The BISC’s brand new Science and Innovation Labs were officially opened by Peter Field, HM Lord Lieutenant of East Sussex, on Saturday, June 29th as part of the BISC’s 25th anniversary celebrations. This fall, this state-of-the-art facility welcomed eager BISC Science students for its first formal lectures and practical sessions.
The BISC has been running a Science stream since 2016, and the courses have been very successful in attracting new students and diversifying the overall student demographic on campus. Whereas previously students in the Biology and Chemistry streams had to use the laboratory facilities at Battle Abbey School, this new dedicated lab space on campus, just a stone’s throw from Bader Hall, will allow the Castle to expand its course offerings even further. The BISC plans to offer a whole new range of STEM and material science-based courses in the very near future.
As Science at the BISC is a relatively new venture for everyone concerned, The Castle Herald decided to speak to members of the Science faculty to see how we might go about creating a culture of Science at the BISC.
For the BISC’s Dr. Sarah McKenzie, the lynchpins of the Castle’s efforts to promote the Sciences are not just its new laboratory facilities, but its ability to access some of the truly outstanding Experiential Learning Opportunities (ELOs) available in the UK. At time of writing, her Biology students will be travelling to Edinburgh’s Royal Botanical Gardens on the BISC’s midterm trip. This outstanding research institution has a mission to conserve, explore and explain the world of plants for a better future. Students will make their way through ten glasshouses, each of which replicates a different global climate, including a tropical rainforest and an arid desert. Dr. McKenzie notes, “It’s an outstanding immersive learning experience. As you walk into some of the glasshouses the humidity really hits you, and there are even birds flying around inside.”
Dr. McKenzie, who offers regular Nature Walks for students around the Castle gardens and grounds in her free time, is also keen not to overlook the opportunities to learn on the students’ very doorstep. In her most recent lab session, her Biology students used projection microscopes to examine dragonfly exuvea that they had collected from marshland on the Castle estate itself. “The gardens and grounds of the Castle Estate provide habitats for all manner of flora and fauna,” she says. “It’s a Living Lab.”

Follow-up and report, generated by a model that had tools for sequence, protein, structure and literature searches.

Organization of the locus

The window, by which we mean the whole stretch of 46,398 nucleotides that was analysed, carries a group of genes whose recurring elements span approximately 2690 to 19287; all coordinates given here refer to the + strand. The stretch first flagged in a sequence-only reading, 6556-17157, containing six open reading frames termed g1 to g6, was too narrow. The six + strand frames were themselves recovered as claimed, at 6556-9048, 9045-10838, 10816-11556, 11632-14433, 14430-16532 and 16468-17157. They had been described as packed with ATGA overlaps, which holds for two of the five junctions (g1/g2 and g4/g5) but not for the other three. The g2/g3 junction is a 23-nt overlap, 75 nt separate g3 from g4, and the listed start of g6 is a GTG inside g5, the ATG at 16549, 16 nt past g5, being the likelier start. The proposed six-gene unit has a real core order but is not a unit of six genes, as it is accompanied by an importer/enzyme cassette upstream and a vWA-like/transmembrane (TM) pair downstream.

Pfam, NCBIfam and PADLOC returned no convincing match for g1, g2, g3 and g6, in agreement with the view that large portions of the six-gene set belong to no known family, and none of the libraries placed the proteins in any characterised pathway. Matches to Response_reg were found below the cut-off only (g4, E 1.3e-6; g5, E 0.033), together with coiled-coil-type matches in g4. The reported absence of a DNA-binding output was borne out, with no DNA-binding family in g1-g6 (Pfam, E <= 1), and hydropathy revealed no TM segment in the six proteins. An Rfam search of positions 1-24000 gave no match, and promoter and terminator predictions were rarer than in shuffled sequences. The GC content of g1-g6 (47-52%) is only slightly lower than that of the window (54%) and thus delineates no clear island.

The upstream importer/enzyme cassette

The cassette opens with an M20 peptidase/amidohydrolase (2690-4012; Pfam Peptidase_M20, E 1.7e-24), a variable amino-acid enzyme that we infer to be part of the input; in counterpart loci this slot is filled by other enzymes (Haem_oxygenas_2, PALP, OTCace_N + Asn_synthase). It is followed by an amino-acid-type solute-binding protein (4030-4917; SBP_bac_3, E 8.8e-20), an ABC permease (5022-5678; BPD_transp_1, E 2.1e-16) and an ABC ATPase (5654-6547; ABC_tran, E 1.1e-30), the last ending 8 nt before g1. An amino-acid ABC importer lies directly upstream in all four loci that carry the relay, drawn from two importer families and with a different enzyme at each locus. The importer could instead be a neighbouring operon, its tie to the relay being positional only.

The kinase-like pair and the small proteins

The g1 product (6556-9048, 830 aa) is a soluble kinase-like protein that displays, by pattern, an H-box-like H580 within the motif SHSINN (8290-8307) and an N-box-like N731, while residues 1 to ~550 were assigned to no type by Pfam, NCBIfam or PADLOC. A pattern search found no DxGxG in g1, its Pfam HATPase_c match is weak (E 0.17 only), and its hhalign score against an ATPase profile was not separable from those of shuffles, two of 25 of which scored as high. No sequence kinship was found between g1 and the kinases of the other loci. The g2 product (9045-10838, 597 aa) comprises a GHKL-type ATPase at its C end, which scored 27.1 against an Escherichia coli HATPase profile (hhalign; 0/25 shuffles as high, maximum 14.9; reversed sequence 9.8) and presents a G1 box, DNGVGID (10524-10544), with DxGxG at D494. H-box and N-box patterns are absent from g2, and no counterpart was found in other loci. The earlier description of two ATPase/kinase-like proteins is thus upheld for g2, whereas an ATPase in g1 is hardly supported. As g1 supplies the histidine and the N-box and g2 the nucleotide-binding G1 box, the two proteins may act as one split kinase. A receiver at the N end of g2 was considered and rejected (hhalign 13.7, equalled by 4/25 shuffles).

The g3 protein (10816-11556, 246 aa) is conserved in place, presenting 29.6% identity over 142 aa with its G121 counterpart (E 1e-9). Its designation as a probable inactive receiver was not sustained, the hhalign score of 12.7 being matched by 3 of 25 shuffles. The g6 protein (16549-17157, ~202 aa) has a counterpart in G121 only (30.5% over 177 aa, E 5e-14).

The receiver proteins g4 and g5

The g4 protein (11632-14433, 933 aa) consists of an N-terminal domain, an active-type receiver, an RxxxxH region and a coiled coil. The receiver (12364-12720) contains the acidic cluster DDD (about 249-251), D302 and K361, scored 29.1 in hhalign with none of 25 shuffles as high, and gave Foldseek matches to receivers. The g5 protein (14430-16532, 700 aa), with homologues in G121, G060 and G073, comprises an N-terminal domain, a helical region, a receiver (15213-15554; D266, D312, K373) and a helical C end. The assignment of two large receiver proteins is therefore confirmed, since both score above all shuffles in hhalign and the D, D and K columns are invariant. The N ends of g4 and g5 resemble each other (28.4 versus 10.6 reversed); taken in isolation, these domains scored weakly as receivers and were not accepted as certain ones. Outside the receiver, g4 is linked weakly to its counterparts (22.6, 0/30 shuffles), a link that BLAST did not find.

Our modern science lab facilities have made it possible for students to develop valuable laboratory skills, and become proficient in the use of technical equipment and scientific instruments at the Castle. Chemistry professor Dr. Danesh Roudini has already made good, practical use of his new surroundings. “As part of a recent organic chemistry class, I asked my students to manufacture shampoo using essential oils,” he said. “It’s a popular practicum because my students get to take their learning home with them!”
Ioana Sotuela, who lectures in both Physics and Astronomy at the Castle, is eager to point out that students’ learning should be integrated to ensure neither the Sciences nor Humanities exist in isolation. She has planned a lunchtime session in Week 11 where her Physics students will be asked to prepare and present experiments to the wider Castle community. This student outreach initiative also continues for her Astronomy class, who have been asked to deliver a presentation on their first-year research projects at a special event, to be held at the BISC Science and Innovation Labs, that will be open to both the Friends of Herstmonceux and the general public.
Dr. Christian Lloyd, the BISC’s Academic Director, is excited by the potential of the brand-new Con-Ed Science stream at the BISC. “Concurrent Education at the Castle is already a fantastic opportunity for our students to step outside their frames of reference,” he says. “And the relatively small size of our cohort means our Con-Ed Science students will work more closely with Arts students than perhaps they would have on main campus.” The BISC’s Con-Ed Science students’ experience is enriched further by their unique practicums. The Castle has arranged for them to participate in Science classes at nearby Battle Abbey School in the Winter Term, so they can even experience what it is like to teach the Sciences at the secondary-level.
The response and positive feedback we have received for this new initiative has been fantastic, so our Spotlight Series continues with four new alumni profiles as each of our Castle grads recalls some of their memories of the BISC and discusses the varied, yet equally fascinating paths they have taken since they left Herstmonceux.
If you missed the last Spotlight Series, fear not! All of the Spotlight profiles we feature on the BISC website will be archived on the site under the month they were published.
You can also read the profiles of July's Spotlightees here.